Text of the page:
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New Administration Argues Supreme Court Ruling Did Not Grant Rights to Detainees, Reasserts Earlier Ruling that Detainees Are Not “Persons”
March 13, 2009, Washington, D.C. – Four British former detainees alleging torture and religious abuse at Guantanamo filed their brief today in the D.C. Circuit Court of Appeals, and the Department of Justice, in its first opportunity under the new administration to address those issues, argued that detainees had no constitutional rights. The United States Supreme Court earlier granted the men’s certiorari petition and remanded the case for further consideration in light of the Supreme Court’s decision last summer in Boumediene v. Bush, which held that Guantanamo detainees had a constitutional right to habeas corpus.
The brief filed by the Washington, DC law firm of Baach Robinson & Lewis and the Center for Constitutional Rights (CCR) argued that “the Boumediene decision requires this Court to … rule that appellants have the constitutional right not to be tortured and the right under the Religious Freedom Restoration Act (RFRA), to practice their religion without abuse or interference.” The brief maintained that “it has long been established that there is an irreducible constitutional minimum that government officials owe to human beings under their control – whether citizen or alien – that necessarily includes the prohibition of torture.”
In addition, the detainees’ counsel asserted that “permitting the systematic abuse of a discrete, insular group of Muslim men at Guantánamo conflicts fundamentally with the constitutional precepts underlying our Republic and with the text and purpose of RFRA.” Finally, the brief strongly argued against qualified immunity for Secretary of Defense Rumsfeld and senior generals, arguing that that no reasonable official could conclude that he could successfully create a legal black hole where he could torture with impunity, an argument that echoed the Supreme Court’s statement that the Executive Branch cannot “switch the Constitution on and off at will.”
The Department of Justice, with its first opportunity under the new administration to address the issue of torture and religious abuse, argued that detainees had no constitutional rights and that, even if they had enforceable rights, the defendant officers are immune from liability because the detainees’ right not to be tortured and to practice their religion without abuse was “not clearly established” at the time of their detention. In addition, with respect to religious rights, the Justice Department’s brief supported the Appeals Court’s earlier holding that Guantanamo detainees are not protected by RFRA both because detainees are not “persons” under the Constitution, and because the statute was not meant to apply to them. Finally, the government argued that the detainees’ case should be dismissed because of “special factors” “involving national security and foreign policy.” The Justice Department suggests that “the prospect of individual liability increases the likelihood that officials will make decisions based upon fear of litigation rather than appropriate military policy.”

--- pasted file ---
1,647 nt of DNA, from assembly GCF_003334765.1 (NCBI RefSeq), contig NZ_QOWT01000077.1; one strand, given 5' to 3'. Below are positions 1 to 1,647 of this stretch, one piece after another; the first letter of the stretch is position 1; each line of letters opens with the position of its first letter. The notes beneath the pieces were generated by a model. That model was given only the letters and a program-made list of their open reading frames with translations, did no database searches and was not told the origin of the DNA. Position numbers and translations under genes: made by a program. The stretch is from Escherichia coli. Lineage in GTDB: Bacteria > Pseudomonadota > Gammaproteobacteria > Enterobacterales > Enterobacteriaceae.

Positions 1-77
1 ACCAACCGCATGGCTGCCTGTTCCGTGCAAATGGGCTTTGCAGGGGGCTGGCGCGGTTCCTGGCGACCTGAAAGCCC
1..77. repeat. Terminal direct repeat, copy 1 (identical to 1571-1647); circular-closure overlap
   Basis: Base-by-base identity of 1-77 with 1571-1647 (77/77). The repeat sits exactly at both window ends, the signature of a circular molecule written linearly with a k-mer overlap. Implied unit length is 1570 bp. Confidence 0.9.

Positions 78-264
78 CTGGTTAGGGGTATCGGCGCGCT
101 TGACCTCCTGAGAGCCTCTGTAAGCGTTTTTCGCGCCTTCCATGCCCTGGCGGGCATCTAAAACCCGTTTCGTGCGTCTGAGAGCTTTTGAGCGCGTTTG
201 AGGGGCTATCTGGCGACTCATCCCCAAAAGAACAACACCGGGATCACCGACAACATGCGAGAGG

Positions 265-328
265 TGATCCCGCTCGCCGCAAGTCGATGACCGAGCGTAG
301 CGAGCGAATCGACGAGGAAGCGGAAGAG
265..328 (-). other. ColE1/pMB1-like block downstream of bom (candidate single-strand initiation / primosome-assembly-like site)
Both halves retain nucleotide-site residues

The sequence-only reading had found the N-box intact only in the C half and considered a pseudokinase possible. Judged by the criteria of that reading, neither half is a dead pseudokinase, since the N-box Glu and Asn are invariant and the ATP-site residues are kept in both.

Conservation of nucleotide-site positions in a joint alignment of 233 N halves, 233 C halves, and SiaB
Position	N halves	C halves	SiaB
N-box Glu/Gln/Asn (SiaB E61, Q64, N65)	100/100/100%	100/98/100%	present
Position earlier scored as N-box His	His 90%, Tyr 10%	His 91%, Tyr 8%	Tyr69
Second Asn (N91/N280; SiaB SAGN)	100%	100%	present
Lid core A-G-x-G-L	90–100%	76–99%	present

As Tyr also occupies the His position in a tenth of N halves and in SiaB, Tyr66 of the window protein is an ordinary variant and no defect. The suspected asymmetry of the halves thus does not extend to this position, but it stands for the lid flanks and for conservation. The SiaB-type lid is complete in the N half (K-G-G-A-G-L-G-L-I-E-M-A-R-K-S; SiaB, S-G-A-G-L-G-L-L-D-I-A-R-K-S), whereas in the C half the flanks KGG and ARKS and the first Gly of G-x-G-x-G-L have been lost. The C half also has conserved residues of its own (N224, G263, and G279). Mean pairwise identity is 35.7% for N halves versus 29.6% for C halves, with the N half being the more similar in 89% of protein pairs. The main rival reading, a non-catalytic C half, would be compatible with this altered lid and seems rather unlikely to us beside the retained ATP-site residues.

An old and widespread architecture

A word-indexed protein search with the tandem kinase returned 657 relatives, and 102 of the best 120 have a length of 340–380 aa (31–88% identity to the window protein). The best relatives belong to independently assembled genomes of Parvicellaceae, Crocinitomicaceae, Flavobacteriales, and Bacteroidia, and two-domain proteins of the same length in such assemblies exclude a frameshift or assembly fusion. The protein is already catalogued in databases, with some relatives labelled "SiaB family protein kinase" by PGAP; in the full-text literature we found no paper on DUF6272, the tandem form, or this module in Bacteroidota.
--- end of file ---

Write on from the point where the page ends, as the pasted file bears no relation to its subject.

“There is one word that the Department of Justice never uses—torture—but the upshot of the Justice Department’s position is that there is no right of detainees not to be tortured and that officials who order torture should be protected,” said Eric Lewis, lead counsel for the detainees. “We believe that this position is clearly no longer tenable after the Supreme Court’s ruling and that the fundamental rights not to be tortured and to be free to practice one’s religion free of abuse will be vindicated, if not by the D.C. Circuit, then by the Supreme Court.”
Michael Ratner, president of CCR, said, “We are gravely disappointed that the Justice Department and the new administration have squandered this opportunity to separate themselves from the policies of the past and to speak with moral force about torture and religious freedom.”
For more information on the case, click here.
The Center for Constitutional Rights is dedicated to advancing and protecting the rights guaranteed by the United States Constitution and the Universal Declaration of Human Rights. Founded in 1966 by attorneys who represented civil rights movements in the South, CCR is a non-profit legal and educational organization committed to the creative use of law as a positive force for social change.